Tory activists cheered leadership favourite when she said first minister should be ignored
Liz Truss has been accused of tarnishing the unionist case against Scottish independence after calling Nicola Sturgeon an “attention seeker” who ought to be ignored.
John Swinney, the deputy first minister and Sturgeon’s closest political ally, said Scottish voters would be “absolutely horrified” by Truss’s “obnoxious” remarks, made during a Conservative leadership hustings in Exeter on Monday evening.
“Unionist campaigners suggest that Scotland should be at the heart of the United Kingdom. How Scotland can be expected to be at the heart of the United Kingdom when the democratically elected leader of our country is, in the view of the person most likely to be the next prime minister of the UK, somebody that should be ignored is completely and utterly unacceptable,” he told BBC Scotland.
“So, I think Liz Truss has with one silly intemperate intervention fundamentally undermined the argument that she tries to put forward that Scotland somehow can be fairly and well treated at the heart of the United Kingdom.”
Truss, the clear favourite ahead of Rishi Sunak to win the final round of the Tory leadership election, won cheers and loud applause from party activists when she said the best thing to do about Sturgeon’s demands for an independence referendum was to ignore her. “She’s an attention seeker, that’s what she is,” said Truss.
Endorsed on Monday by nine influential Tory MSPs, Truss referred to the fact she attended primary school in Paisley, south-west of Glasgow, before her parents moved to Leeds. “I feel like I’m a child of the union, that I really believe we are a family and we’re better together,” she told the hustings.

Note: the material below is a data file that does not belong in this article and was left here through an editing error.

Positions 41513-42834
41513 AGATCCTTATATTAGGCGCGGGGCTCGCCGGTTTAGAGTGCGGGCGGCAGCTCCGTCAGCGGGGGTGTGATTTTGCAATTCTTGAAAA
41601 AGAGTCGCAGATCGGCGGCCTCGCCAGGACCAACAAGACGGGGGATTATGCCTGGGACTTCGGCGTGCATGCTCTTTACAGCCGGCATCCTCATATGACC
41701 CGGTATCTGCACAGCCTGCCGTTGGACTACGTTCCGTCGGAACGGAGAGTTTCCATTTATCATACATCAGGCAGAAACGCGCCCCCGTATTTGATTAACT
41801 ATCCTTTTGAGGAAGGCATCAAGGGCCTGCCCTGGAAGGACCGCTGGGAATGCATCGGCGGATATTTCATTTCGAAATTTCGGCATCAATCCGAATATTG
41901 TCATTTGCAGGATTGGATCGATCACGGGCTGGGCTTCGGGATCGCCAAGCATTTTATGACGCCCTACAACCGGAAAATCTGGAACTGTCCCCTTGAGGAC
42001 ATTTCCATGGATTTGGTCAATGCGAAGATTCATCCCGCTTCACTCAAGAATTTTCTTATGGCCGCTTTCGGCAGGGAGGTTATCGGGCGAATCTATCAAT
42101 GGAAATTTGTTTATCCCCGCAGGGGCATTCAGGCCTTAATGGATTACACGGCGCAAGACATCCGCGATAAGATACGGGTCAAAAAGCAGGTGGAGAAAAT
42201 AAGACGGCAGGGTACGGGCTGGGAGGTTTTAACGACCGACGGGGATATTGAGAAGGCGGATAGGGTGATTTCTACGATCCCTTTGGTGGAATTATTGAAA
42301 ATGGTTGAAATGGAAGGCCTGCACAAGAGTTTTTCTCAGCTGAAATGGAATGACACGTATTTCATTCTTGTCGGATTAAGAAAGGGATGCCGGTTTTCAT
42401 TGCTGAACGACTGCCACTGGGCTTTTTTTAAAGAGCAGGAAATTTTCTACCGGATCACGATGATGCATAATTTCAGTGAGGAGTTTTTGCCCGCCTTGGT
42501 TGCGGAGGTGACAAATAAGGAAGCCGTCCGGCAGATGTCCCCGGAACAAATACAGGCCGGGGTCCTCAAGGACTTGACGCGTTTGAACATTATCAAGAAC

“What we need to do is show the people of Scotland, Northern Ireland and Wales what we are delivering for them and making sure that all of our government policies apply right across the United Kingdom.”
Truss said that included her success in lifting whisky tariffs with the US, which made her immensely popular with Scotch whisky distillers.
“Nicola Sturgeon can carry on talking about an independence referendum. We had the referendum in 2014. It was agreed it was once in a generation. I didn’t realise a generation happened within 10 years. That doesn’t make any sense.” Asked if that was an “absolute no” to a second independence referendum, she repeated Margaret Thatcher’s often quoted response: “No, no, no.”
Some decided to respond to Truss in kind.
James Withers, the chief executive of the trade body Scotland Food and Drink and an outspoken critic of the UK government’s mishandling of post-Brexit trade arrangements with the EU and Northern Ireland, posted a riposte on Twitter, with the words “attention seekers should be ignored”:
At the latest count, eight Tory MSPs and two Scottish Tory MPs have endorsed Sunak’s candidacy. The two candidates will face each other for a Scotland-focused hustings in Perth in mid-August, two weeks before voting closes for the leadership.